The In Competition section is also an outstanding platform to see new works from celebrated filmmakers: this year the selection also includes Guest of Honour, by Canadian favourite Atom Egoyan, and the highly anticipated Laundromat, from one of the world’s most interesting and versatile screen creatives – Steven Soderbergh.
The Laundromat stars Hollywood heavyweights Meryl Streep and Gary Oldman, and explores the unearthing of 11 million files that expose the secret banking accounts of the world’s most powerful political figures. Also screening – and not without controversy for its inclusion – is the latest feature from exiled director Roman Polanski, An Officer and a Spy.
Female directors are again underrepresented this year in the In Competition selection, but the two entries directed by women are both connected to Australia. Shannon Murphy’s Babyteeth, a comedy about an ill teenager who falls in love with a drugdealer, has its World Premiere at the festival. Starring Ben Mendelsohn (Animal Kingdom) and Essie Davis (The Babadook), Babyteeth joyously explores how good it is not to be dead – and how far we will go for love.
The only other In Competition film to feature a female director is The Perfect Candidate, by Haifaa al-Mansour (pictured below). Originally from Saudi Arabia, Mansour studied at the University of Sydney before returning to her homeland to film her feature debut: Wadjda made her the first woman to shoot a film in Saudi Arabia.
The film also became Saudi Arabia‘s first entry for the Oscars, picked up awards all over the globe and screened to the delight of audiences In Competition at the 2013 Sydney Film Festival. Mansour now lives in the USA and has since filmed features there, but she returned to Saudi Arabia to produce The Perfect Candidate. The film tells the story of a young female doctor in Saudia Arabia who decides to run for office in a municipal election.
Other Australian content screening at Venice this year includes the short film The Diver, from directors Michael Leonard and Jamie Helmer, and Passenger, a 360-degree stop-motion project. This virtual reality film tells the story of a recent migrant arriving reluctantly in Melbourne. It’s the work of writers/directors/animators Isobel Knowles and Van Sowerwine. Callum Cooper’s Porton Down explores the experiences of a military test subject who unwittingly finds himself in a bizarre, mind-altering trial.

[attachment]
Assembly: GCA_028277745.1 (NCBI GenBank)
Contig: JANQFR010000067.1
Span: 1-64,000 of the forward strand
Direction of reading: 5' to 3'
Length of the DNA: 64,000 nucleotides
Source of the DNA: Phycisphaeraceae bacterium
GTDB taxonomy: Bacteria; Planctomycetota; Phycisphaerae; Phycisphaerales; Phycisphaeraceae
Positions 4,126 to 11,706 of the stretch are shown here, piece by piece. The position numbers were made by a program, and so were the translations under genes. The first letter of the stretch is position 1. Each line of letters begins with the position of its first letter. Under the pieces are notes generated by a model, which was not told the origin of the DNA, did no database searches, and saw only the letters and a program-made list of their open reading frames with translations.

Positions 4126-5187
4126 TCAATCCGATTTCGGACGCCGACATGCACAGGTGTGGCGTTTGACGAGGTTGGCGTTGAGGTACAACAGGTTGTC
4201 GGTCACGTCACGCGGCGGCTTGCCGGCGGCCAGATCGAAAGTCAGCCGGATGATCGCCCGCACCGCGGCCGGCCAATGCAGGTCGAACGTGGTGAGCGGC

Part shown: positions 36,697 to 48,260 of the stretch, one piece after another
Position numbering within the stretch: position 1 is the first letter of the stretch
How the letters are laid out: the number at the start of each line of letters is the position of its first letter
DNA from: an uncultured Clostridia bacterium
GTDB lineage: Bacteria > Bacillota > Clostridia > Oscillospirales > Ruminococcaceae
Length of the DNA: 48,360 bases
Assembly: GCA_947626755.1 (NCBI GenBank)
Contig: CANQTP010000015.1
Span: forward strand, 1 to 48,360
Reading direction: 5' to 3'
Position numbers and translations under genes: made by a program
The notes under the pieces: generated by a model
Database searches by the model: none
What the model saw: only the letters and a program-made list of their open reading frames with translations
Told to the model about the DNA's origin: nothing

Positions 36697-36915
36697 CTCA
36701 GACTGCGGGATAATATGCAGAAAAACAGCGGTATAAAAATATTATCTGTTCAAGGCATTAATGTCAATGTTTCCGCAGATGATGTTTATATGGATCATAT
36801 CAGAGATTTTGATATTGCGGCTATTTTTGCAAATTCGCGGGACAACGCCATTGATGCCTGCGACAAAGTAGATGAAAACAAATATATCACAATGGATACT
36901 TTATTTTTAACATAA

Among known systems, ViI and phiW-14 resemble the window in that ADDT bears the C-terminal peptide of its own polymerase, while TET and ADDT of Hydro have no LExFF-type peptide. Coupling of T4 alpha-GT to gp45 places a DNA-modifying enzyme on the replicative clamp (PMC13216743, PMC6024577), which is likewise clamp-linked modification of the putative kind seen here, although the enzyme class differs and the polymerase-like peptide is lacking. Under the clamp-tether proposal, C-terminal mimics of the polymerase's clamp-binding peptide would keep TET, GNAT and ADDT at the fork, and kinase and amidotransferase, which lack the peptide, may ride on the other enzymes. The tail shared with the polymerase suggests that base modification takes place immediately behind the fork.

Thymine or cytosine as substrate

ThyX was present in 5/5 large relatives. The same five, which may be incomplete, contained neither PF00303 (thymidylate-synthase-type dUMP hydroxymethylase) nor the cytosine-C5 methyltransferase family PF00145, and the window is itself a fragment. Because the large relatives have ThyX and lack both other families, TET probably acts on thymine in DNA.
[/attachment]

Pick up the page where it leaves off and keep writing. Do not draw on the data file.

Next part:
Other sections of the Venice program – such as Out of Competition, Orizzonti (“horizons”) and Sconfini (“cross-overs”) – showcase dramas and documentaries, including work dedicated to the latest trends in international cinema. They pay special attention to fresh voices and new talents.
As well as classic art-house fare, the festival will present significant experimental, TV and cross-over works. While the festival program looks forward to the future of cinema and screen content, it also looks to the past, with retrospective screenings from Bertolucci, Buñuel and Fellini, as well as other classic works from festival favourites.
With such cinematic richness on offer, and an enormous array of World Premieres that represent the first chance for audiences and industry alike to see new works, the 2019 Venice Film Festival is one of the most exciting moments in the global cinema calendar.
The program was hot off the press following yesterday’s announcement from the President of the Biennale di Venezia, Paolo Baratta, and the director of the cinema department, Alberto Barbera. Now the world’s film media and cinephiles are busy drilling down into the program to find all the treats on offer! As you can see, these are just a few highlights, offering a taste of the projects attracting the most heat after the program release.
Academy Travel’s tour to the Biennale and Film Festival takes in the best of the Venice Biennale and a careful selection of this year’s offerings at the Film Festival. The tour is led by Dr Nick Gordon, who has led all of Academy Travel’s previous tours to the Biennale, and he will be joined by Sarah.
Dr Nick Gordon is a cultural historian and artist, with over 10 years of experience leading tours to Europe. He has strong interests in art, history, philosophy and architecture, from the ancient world to the present. Nick is also a practicing painter and brings this passion to the visual arts. He holds a University Medal and PhD in history from the University of Sydney.